Tuesday, 1 February 2011

The Life and Loves of a Velvet Fog

Talk about velvet fogs: I still remember my astonishment, sitting in the Venetian Room of the Fairmont Hotel in Dallas, taking notes to review the Mel Torme / George Shearing act for the Dallas Fort Worth Business Journal. It was Yom Kippur time, and some badinage about the Jewish New Year alerted me that my favorite male jazz singer was Jewish. Torme? Jewish?
It’s all explained—along with much else—in his beguiling memoir, It Wasn’t All Velvet (Viking, $18.95): The Russian-Jewish family name Torma was sandbagged by a sloppy Ellis Island functionary.
This book isn’t a class with Mountain Greenery or Blue Moon by a long shot, but it’s a tasty smorgasbord. I like learning that Glenn Miller, turning down Torme’s first lyrics assignment, told him to study songwriter Johnny Mercer endlessly. And this injunction as well: “Read anything and everything you can get your hands on. All good lyric writers are great readers.”
There’s more about his priapic and often sad love life than I need to know, although there’s a touching passage about how hard it is for a guy with a love life like his to sing all the great standard love songs.
He is most revealing when he least intends to be, as in recounting how Harry Reasoner and Morley Safer fantasized about doing him on “Sixty Minutes”—until the CBSers learned that he had never had a drug or alcohol problem. I even empathize with his smugness when “20/20” goes ahead with a problem-less piece and it gets an Emmy.
Did you know that Torme was a gun nut (although he is diffident to the point of humble about his historical interest in firearms)? He could give the NRA a kinder, gentler mien (make that mean). Or that he’s an obsessive collector of fast, sleek sports cars? Or a certified aviation enthusiast, with even some hairy close calls flying his own light planes? Or that he starred in many B-features for Hollywood and TV? Is a published novelist? And a freelance non-fiction writer?
You begin to wonder how he managed to get all these things done and still marry four times and sire five children. And then you begin to understand that his being on the road wasn’t the only thing that alienated the first three perfect romances.
Torme dedicates this book to his pa (90 and still shouting at his wife) and ma (87 and replaying the uncompliments). In some ways, his family history is the most interesting and instructive element in his life. We get to better understand the validity of Ethel Waters’ judgment that “Mel Torme is the only white man who sings with the soul of a black man.”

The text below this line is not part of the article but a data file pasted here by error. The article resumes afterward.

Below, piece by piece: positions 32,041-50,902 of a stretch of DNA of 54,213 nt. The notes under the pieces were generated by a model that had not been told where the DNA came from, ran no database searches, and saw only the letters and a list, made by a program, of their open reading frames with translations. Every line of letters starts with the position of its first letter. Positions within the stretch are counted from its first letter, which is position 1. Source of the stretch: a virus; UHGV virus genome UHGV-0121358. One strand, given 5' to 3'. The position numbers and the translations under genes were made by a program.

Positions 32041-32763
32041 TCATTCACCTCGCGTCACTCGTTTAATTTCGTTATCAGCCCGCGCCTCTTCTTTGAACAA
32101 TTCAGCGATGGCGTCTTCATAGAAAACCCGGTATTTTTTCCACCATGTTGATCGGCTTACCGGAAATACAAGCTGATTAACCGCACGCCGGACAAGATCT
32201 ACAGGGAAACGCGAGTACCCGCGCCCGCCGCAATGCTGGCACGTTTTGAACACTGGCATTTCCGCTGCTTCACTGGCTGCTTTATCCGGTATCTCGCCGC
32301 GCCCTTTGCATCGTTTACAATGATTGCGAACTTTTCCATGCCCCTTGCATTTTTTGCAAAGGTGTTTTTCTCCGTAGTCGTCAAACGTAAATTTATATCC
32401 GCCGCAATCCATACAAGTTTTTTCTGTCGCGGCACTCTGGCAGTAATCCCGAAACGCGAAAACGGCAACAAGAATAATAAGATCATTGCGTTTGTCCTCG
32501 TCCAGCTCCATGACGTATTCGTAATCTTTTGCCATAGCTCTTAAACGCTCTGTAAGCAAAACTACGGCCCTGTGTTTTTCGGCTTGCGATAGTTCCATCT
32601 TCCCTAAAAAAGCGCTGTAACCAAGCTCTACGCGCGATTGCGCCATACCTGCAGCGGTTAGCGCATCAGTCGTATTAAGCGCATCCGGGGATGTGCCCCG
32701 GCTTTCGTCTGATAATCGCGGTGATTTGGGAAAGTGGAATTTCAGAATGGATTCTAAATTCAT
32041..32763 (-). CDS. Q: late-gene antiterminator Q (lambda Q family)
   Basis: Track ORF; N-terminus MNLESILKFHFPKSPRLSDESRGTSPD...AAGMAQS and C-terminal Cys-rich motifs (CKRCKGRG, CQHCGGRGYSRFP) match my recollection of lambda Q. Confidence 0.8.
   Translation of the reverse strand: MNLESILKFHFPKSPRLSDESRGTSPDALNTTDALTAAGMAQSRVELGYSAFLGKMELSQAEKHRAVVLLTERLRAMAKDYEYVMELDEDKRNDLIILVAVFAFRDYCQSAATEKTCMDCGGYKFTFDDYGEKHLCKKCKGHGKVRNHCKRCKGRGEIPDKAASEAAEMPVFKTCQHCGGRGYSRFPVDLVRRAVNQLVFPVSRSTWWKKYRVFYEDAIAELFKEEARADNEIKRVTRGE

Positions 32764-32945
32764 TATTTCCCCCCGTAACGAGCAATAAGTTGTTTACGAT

He was blessed with a black nanny named Alberta who insisted on having Friday and Saturday nights off so she could play piano in a five-piece combo at the Savoy Ballroom, next to Chicago’s Regal Theatre. He may not have sipped his scat with his mother’s milk, but Alberta’s sessions on the family’s Kimball at least gave it to him with his pablum.
Occasionally his diction (and wit) fail him. Rationalizing the perfidy of Carson and Donahue in their not letting him flog his novel Wynner, he comforted himself with the “pleasure of appearing on Larry King’s program. King, a great old friend, is also unequivocably (sic) the finest interviewer in our country.” Vocably, possibly.
A deeper wound to his vanity he’s still stinging from: “Apparently, most news / media people think all singers are airheads. That’s unfortunate and unfair. Most singers I know are bright, articulate individuals. Many are actually literate. The prevailing attitude during that book tour, nonetheless, was that I was a pretender in the world of the literati.”
What can I tell you, Mel? If I had to choose between singing “Blue Moon” the way you do or appearing on the New York Times best seller list, I’d go for the tune. The greenery always looks more mountainous in the other guy’s lot.
But it is a wry residue of a culture with different values that entertainers seek the beatification of print to legitimize their Dow Jones industrious ups and downs. Everybody is entitled to 15 minutes of solitude to ponder the fickleness of fame. Boychik (as Edward G. Robinson playfully addressed Mel when he belatedly discovered Torme was Jewish), you’ve got nothing to worry about. Your unabused tonsils (no smoke, no hard liquor, seven hours’ sleep a night—think of that, Sinatra) are your claim to immortality.
Mel Torme will appear with Cleo Laine, Sunday, June 24 at 8 p.m., at the Academy of Music, Broad and Locust Sts. $22.50-30.50. 893-1930.
Reprinted from Welcomat: After Dark, Hazard-at-Large, June 20, 1990

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